After arguments were heard, the trial court ruled that Thoroughbred Rule 322 and Harness Rule 25-19 are unconstitutional because they authorized searches to be made without probable cause. It is from that ruling that the State appeals.

Before we address the State's arguments, we note that neither party argues that the search was proper or improper under the State Constitution. Thus, we will not, in this opinion, address this issue. We also note that we do not decide whether Thoroughbred Rule 322 is constitutional on its face. Our decision is limited to the particular facts of this case as they apply to defendant. Lastly, we decline to follow the holding and reasoning of Serpas v. Schmidt (N.D. Ill. 1985), 621 F. Supp. 734. The court in Serpas held that Thoroughbred Rule 322 and Harness Rule 25-19 are unconstitutional for various reasons. We are more inclined to follow Shoemaker v. Handel (3rd Cir. 1986), 795 F.2d 1136, and its related cases, which are in conflict with the decision in Serpas. Our reasoning in the case at bar is substantially derived from Shoemaker v. Handel and its related cases.

The State first argues that Thoroughbred Rule 322, which provides that licensees of the IRB may be subject to warrantless searches, is constitutionally permissible under the administrative-search exception to the fourth amendment. We agree.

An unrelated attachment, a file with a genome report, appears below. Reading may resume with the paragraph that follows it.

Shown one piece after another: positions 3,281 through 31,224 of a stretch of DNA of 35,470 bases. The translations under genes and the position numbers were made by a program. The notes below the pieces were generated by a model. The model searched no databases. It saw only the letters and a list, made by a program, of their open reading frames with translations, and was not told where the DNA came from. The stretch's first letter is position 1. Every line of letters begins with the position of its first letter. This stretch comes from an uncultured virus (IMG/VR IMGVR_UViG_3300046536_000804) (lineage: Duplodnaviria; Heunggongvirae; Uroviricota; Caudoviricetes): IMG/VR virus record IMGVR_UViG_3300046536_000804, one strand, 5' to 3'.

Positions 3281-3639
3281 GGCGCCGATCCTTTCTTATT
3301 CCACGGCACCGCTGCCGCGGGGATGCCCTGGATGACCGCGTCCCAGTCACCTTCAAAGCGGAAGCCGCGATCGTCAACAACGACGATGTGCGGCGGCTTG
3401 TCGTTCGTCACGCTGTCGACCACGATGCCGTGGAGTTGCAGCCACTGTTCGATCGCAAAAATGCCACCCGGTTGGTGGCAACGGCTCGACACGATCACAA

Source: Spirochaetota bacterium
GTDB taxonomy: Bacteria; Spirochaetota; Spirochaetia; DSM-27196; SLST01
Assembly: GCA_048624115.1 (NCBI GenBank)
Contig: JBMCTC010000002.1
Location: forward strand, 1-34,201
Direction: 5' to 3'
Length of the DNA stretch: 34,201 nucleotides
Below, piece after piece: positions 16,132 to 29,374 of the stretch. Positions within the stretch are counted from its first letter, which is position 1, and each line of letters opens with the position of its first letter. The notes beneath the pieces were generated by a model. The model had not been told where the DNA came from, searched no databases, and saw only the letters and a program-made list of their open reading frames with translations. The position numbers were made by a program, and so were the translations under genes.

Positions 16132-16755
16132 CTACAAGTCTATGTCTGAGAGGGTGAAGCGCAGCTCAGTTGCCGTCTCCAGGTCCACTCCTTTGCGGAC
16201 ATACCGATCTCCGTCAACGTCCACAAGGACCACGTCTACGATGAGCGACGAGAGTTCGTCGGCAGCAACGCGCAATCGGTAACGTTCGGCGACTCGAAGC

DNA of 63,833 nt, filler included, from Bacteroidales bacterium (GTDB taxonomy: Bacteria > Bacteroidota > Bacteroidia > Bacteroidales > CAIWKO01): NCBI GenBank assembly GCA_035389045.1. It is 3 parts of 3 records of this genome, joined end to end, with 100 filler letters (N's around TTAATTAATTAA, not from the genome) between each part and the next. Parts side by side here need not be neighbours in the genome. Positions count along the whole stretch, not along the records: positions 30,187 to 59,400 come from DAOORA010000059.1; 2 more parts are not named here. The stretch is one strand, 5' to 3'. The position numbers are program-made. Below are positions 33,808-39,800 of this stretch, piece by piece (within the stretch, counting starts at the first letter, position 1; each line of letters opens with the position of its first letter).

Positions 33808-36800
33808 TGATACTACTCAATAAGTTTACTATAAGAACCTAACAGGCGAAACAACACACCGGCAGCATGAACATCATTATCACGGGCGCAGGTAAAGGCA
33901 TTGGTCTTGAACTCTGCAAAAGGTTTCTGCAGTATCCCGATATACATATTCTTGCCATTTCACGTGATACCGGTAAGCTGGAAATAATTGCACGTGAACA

Thoroughbred Rule 322, promulgated by the IRB, reads as follows:

"The Illinois Racing Board or the state steward investigating for violations of law or the Rules and Regulations of the Board, shall have the power to permit persons authorized by either of them to search the person, or enter and search the stables, rooms, vehicles, or other places within the track enclosure at which a meeting is held, or other tracks or places where horses eligible to race at said race meeting are kept, of all persons licensed by the Board, and of all employees and agents of any race track operator licensed by said Board; and of all vendors who are permitted by said race track operator to sell and distribute their wares and merchandise within the race track enclosure, in order to inspect and examine the personal effects or property on such persons or kept in such stables, rooms, vehicles, or other places as aforesaid. Each of such licensees, in accepting a license, does thereby irrevocably consent to such search as aforesaid and waive and release all claims or possible actions for damages that he may have by virtue of any action taken under this rule. Each employee of a licensed operator, in accepting his employment, and each vendor who is permitted to sell and distribute his merchandise within the race track enclosure, does thereby irrevocably consent to such search as aforesaid and waive and release all claims or possible actions for damages they may have by virtue of any action taken under this rule. Any person who refuses to be searched pursuant to this rule may have his license suspended or revoked." 11 Ill. Admin. Code ch. 1, sec. 1325.190 (1985).

The Illinois Racing Board and stewards are charged by law with regulating horse racing in Illinois, pursuant to the Act (Ill. Rev. Stat. 1983, ch. 8, par. 37-1). The IRB is a department of State government and its members are executive officers ...